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The Importance of Being Punctual

03 Aug 2015

  • Mr Hazelman

    In recognition of their inspiring teaching and unwavering dedication to their students, six teachers received the Outstanding Youth in Education Award from Minister Heng Swee Keat. Mr Hazelman Norhafis from Changkat Changi Secondary School (second from left), is one of them.

  • Hazelman

    Hazelman with his Secondary 3 Normal (Technical) form class students at an overseas camp in Pulau Besar, in 2011. They had just finished a raft-building activity. Photo Credit: Changkat Changi Secondary School

Discipline. For many, the word is synonymous with punishment. Mr Hazelman Norhafis explains why discipline in schools today means so much more, and how simply showing up on time for school can help students do better.

Hazelman Norhafis, Outstanding Youth in Education Award 2015 Recipient
Changkat Changi Secondary School 

“Eighty per cent of success in life is showing up” - Woody Allen

I couldn't agree more because to me, being present and on time is half the battle. That’s why I’m known at school as “Mr Punctuality”. 

Late-coming is an issue I’ve been focusing my energy on for the past three years. I strongly believe that students must begin the day right by showing up for school on time. This will set the tone for learning for the rest of the day.

Late-coming is also usually symptomatic of more serious underlying issues, such as a lack of self-confidence. Being punctual signals that a student can be depended on to fulfil the basic task of being on time for school. Accomplishing small successes like this will allow students to gain greater self-confidence and be in better control of their education journey and ultimately, life.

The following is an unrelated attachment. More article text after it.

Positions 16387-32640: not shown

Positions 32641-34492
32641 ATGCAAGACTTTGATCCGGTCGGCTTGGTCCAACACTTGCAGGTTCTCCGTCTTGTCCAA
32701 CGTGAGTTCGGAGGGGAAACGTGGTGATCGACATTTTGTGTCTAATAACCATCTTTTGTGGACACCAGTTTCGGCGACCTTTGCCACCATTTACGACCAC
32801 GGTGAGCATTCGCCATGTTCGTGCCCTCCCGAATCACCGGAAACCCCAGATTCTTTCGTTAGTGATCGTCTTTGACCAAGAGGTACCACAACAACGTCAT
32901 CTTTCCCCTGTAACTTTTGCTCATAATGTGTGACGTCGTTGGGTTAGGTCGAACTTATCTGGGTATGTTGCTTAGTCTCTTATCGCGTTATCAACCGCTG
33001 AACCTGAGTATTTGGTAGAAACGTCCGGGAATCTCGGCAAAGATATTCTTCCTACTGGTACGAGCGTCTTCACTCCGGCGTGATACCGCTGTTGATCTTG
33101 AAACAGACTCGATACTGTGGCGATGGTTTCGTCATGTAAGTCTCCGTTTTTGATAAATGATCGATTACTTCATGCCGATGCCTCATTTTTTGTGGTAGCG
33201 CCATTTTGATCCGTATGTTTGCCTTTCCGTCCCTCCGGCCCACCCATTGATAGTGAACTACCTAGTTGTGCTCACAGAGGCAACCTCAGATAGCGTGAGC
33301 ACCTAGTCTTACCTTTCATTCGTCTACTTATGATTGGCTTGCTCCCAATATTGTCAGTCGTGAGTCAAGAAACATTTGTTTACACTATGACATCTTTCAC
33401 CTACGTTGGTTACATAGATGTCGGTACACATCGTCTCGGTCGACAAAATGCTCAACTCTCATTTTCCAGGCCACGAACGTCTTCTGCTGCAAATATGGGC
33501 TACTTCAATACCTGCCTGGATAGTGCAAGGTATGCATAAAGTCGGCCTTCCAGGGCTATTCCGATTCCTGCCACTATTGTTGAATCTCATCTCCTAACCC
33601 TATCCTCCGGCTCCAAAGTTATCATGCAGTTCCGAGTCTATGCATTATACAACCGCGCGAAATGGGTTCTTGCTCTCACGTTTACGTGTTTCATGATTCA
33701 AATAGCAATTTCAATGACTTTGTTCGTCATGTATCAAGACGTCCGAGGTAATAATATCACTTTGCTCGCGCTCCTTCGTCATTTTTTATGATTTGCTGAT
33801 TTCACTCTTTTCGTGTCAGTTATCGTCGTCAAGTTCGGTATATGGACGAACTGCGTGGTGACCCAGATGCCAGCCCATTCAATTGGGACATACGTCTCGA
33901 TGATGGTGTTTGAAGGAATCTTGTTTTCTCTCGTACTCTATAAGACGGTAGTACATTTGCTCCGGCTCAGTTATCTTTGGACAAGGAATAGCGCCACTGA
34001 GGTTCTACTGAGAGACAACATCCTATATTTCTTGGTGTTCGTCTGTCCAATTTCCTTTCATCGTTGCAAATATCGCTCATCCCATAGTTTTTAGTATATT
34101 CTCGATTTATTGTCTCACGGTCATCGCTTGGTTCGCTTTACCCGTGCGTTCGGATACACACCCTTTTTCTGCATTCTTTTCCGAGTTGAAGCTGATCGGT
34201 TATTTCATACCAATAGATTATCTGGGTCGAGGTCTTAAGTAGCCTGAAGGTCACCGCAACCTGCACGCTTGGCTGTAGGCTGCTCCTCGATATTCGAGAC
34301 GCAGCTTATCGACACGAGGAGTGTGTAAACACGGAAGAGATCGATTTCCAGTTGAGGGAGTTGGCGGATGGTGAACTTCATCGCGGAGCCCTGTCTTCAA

When I started out as a teacher, I faced many of these issues head on. I vividly remember the first lesson I taught. It was a Chemistry lesson with my form class in July 2010. As I walked into the classroom, a student walked out. I asked him where he was going and he responded with cold silence. I was invisible.

It took many lessons before the student decided that my lessons were worth attending. My mantra for teaching was that I would repeat a point a hundred times if that was what it took for my students to understand the lesson. By the end of that year, I was getting the hang of things. It was not easy but I felt I was making a difference. However, I was deeply troubled when I discovered that a student from my form class held the record for the highest number of late-coming offences that year. I was dismayed that a simple issue like late-coming could potentially hold my student back from accomplishing more in school.

In 2011, I became the form teacher of a Normal (Technical) class. It was a constant struggle and at times, I felt helpless. I did everything I could possibly think of but I could not help every student as much as I wanted to. I knocked on the doors of those who were frequently absent, I called employers or turned up at workplaces to convince my students to come to school, and I even drove to a student’s house to wake him up for his N-Level examination. Despite my efforts, my students were frequently late. When the school bell rang for the first period, out of a class of 40, at least 8-10 would be missing, or would stroll in casually after 7.45am.

Time to take action